I went to a memorial service today for my friend, Jeanne, who died two days before Christmas from brain cancer at the age of 58. Her sister spoke, as did her closest friends and her children, but it was something her husband said that stayed with me: “I used to think things happen for a reason. Now, I believe things just happen.”
To me, those words underscore the randomness of cancer. With the exception of people who practice risky behaviors that increase their chances of getting cancer, the rest of us can only hope that luck is on our side. Cancer strikes with ferocious democracy — it doesn’t care how young we are or whether we’re complete innocents or evil to the core.
I’m not the only one who thinks so. Many scientists believe in the randomness of cancer, too. Last year, researchers at Johns Hopkins University School of Medicine used a statistical model to determine that random mutations may account for two-thirds of the risk for getting many types of cancer, leaving heredity and environmental factors responsible for only one-third. That means there’s a large component of cancer we can’t do a thing about, a fact that may comfort some people and scare the hell out of others.
I’ve been thinking about the randomness of cancer for more than forty years. I was 14 when my mother was first diagnosed. From then on, this weird movie snippet started playing in my head day after day. In it, a giant red ball bounced from the roof of one house to the next as it traveled around the block. Bounce, bounce, bounce went the ball, a little slower and lower with every landing. Finally, it came to rest on one roof. My roof.
[pullquote]The radiologist arrived with my x-rays, illuminating them on a light box on the wall. “I see a shadow here,” he began as he pointed to a blurry spot and I braced for the remainder of his sentence.[/pullquote]
I wouldn’t wish what my family went through on anyone, but in the awful years that followed, I often lay in bed staring at the ceiling, wondering why the big red ball didn’t land on my neighbor’s roof instead of mine. I still think of that damn ball whenever I hear of a new diagnosis, which I do with terrible regularity. And every time, I suspect the victim asks, “Why me?” just as I’m asking myself why her and not me?
Perhaps the fact that I’ve already suffered greatly at the hands of cancer has given me some sort of immunity, like a force field. After my mother’s long illness and death at age 49, I thought the worst thing that could happen had happened. “Bring it on,” I’d say, my belligerent chin tilted to the sky at whatever powers might live there. “I can take whatever you’ve got.” I wore that sorry suit of armor even after I became a wife and mother in an effort to convince myself that I was inured to loss.
Then a few years ago, I went for my annual mammogram, which had always been normal. This time, the technician left the room with my pictures, promising to be right back. The germ of fear she planted sprouted as in a time-lapse movie, growing from seedling to sapling to Sequoia in mere seconds. After what felt like forever, the technician returned to say that the doctor wanted to talk with me and would be in shortly. In an instant, my “bring it on” bravado was gone. I thought of my young sons and my husband, tears streaming as I ticked off the milestones I’d never see. I didn’t think about treatments or survival rates. I just thought about dying.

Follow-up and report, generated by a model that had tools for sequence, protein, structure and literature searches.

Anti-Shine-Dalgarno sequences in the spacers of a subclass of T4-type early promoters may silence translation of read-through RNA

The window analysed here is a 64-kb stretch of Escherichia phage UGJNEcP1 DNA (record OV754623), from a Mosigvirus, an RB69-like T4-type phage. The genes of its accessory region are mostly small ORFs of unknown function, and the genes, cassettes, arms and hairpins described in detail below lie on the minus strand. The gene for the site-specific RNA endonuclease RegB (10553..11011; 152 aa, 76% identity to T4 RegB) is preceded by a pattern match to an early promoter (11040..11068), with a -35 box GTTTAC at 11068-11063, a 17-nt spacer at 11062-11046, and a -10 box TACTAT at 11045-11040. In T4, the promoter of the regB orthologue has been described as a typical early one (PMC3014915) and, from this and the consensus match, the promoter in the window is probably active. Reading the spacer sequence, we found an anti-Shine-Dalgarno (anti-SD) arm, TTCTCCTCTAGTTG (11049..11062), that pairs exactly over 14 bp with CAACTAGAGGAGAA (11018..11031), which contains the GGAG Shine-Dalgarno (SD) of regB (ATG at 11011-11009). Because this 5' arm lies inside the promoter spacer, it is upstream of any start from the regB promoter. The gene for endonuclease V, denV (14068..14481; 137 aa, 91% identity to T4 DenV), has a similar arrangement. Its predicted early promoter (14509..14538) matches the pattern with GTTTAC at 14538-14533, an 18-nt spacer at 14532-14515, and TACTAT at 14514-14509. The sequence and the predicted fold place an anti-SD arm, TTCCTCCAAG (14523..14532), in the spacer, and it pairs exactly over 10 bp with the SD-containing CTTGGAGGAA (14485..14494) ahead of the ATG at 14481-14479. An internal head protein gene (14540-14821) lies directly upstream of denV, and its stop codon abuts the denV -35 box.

“So, this is how it starts,” I said to myself. “A random moment on a random day marks the divide between before I had cancer and after.”
The radiologist arrived with my x-rays, illuminating them on a light box on the wall. “I see a shadow here,” he began as he pointed to a blurry spot. I braced for the remainder of his sentence. “But after consulting with my colleagues, we think it’s actually nothing. You’re good to go.”
And just like that, I didn’t have cancer. I’d see my sons graduate and marry, and I’d meet my grandchildren someday. I wouldn’t die young like my beautiful mother.
When I think about people I know (and even those I don’t) whose doctors didn’t say, “You’re good to go,” I feel lucky and grateful and guilty. With one out of eight women facing breast cancer in their lifetime, I know I’ve dodged that particular bullet for now but possibly not forever. But even with that sobering statistic and the knowledge that cancer is lurking around my DNA, I try not to live in fear. The truth is that cancer has no definite direction, rule or method, no particular plan or pattern. With so much potential randomness in that realm, the best I can do is reduce the randomness in other parts of my life by living with purpose and loving my family and friends as best I can.
That’ll probably do me a lot more good than my imaginary force field.